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Early History

Early History of Chatham County

Indians traveled across Chatham County long before it was established. Stone arrowheads found by early farmers as they cleared or plowed land was the most common evidence of their presence. Records show that some of the first settlers in Chatham County, arriving in the mid 1700’s mostly from the north or up the Cape Fear River valley from the southeast, were of European origin. The early settlers were concerned primarily with agricultural pursuits. An English Quaker settlement was established in 1751 in the western part of Chatham in what is now called Siler City.

Chatham County, originally part of Orange County, was established through a bill introduced by the Colonial Assembly on December 5, 1770. The act to form Chatham County was effective April 1, 1771. The extreme difficulty and expense of travel to conduct business for southern inhabitants of Orange was documented in the act as the reason behind the need for the new county formation.

The county was named in honor of William Pitt, the elder, first Earl of Chatham who was a defender of American rights in the British Parliament. Pittsboro, formerly named Pittsborough, was the first town to develop and was named the county seat in 1787. Pittsboro was named after William Pitt, the younger, who at age 24 was the youngest man to hold the office of prime minister of Great Britain.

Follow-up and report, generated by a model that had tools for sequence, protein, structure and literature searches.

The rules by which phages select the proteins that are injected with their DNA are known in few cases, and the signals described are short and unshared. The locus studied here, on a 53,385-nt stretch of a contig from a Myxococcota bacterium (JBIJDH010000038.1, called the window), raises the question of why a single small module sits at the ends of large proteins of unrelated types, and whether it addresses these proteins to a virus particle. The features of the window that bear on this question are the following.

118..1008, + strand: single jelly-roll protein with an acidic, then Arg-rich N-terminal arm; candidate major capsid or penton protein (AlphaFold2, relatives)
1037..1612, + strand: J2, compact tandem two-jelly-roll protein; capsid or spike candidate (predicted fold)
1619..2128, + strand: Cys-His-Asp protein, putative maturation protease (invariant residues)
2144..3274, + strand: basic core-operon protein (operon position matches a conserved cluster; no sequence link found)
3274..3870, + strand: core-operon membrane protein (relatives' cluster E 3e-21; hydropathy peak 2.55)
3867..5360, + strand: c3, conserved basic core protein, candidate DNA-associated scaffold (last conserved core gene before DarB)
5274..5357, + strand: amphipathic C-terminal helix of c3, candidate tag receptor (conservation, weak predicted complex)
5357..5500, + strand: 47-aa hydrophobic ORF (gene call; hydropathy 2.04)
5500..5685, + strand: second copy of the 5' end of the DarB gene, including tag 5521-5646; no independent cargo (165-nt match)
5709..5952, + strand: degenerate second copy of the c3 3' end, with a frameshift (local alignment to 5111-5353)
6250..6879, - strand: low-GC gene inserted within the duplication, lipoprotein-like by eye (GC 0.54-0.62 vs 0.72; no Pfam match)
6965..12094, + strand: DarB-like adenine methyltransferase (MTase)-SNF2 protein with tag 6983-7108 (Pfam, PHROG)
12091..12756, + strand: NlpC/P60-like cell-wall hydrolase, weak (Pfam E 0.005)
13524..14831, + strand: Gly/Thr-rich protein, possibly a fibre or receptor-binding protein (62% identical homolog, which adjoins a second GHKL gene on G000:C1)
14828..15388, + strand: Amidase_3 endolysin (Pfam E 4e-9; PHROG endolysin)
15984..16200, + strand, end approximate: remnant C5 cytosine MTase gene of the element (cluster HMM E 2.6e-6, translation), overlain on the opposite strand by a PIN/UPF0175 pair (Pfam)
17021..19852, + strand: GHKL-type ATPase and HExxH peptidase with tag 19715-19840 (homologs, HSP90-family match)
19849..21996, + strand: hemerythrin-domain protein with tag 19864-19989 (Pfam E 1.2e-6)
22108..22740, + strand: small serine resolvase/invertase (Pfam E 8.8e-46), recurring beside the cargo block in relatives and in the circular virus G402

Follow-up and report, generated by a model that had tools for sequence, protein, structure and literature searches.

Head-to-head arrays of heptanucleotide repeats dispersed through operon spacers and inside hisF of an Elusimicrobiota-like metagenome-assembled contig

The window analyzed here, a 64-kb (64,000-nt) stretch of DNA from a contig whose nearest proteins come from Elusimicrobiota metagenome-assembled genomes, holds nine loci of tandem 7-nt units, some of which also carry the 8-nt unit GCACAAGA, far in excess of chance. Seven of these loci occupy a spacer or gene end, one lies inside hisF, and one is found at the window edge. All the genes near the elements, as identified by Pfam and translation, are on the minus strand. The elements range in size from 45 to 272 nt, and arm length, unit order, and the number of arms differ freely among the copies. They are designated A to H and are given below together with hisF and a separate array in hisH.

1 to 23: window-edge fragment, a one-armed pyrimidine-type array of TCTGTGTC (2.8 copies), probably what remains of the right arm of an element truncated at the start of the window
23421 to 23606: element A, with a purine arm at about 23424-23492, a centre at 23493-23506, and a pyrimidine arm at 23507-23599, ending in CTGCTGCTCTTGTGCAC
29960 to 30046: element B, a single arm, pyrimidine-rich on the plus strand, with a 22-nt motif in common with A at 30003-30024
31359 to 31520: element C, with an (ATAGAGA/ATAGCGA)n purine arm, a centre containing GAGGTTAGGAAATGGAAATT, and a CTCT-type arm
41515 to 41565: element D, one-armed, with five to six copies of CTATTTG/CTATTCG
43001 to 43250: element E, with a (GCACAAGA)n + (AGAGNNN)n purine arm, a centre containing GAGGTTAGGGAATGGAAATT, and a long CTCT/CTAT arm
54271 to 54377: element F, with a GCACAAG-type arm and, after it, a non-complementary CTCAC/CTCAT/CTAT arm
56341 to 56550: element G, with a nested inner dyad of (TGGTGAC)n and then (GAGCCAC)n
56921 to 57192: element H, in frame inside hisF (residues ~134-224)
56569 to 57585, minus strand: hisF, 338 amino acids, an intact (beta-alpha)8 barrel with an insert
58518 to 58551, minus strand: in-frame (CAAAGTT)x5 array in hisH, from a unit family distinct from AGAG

Haywood, an older town located adjacent to what is now Moncure, was Chatham’s second town. Moncure was established in 1871 when the Raleigh and Augusta Air-Line Railroad obtained land there. In 1884 the opening of the Cape Fear and Yadkin Valley Railroad through western Chatham stimulated the development of the towns of Goldston, Bear Creek, Bonlee, and Siler City along its right of way. Gulf and Ore Hill, were in existence before the railroad was built. Ore Hill is now the present day Mount Vernon Springs.

Bear Creek was originally named Richmond after Richard Jones who opened a business in Bear Creek in 1885. Bennett was first known as Beck Springs and as Beck Mountain. Bennett was later named after J.M. Bennett, a Southern Railway Superintendent. Bynum was named after the Bynum family who were founders of the local mill and long time residents.

In early years, justices of the peace, appointed by the General Assembly of the State, governed the county. The justices appointed other county officials, including the sheriff, coroners, constables, clerk, register, county attorney, standard-keeper, entry-taker and surveyor, rangers for stray animals, and overseers of roads.

In 1868, due to reconstruction and the new State Constitution, a five-member board of county commissioners was established. The county was divided into townships and the court system was changed significantly. In 1894, the justices of the peace were eliminated from county government. In 1977, the first county manager was appointed and the council-manager form of government was adopted.

Chatham County’s population in 1790 was recorded as 9,221.


Main source of historical information: Chatham County 1771 – 1971 Hadley, Horton, and Strowd

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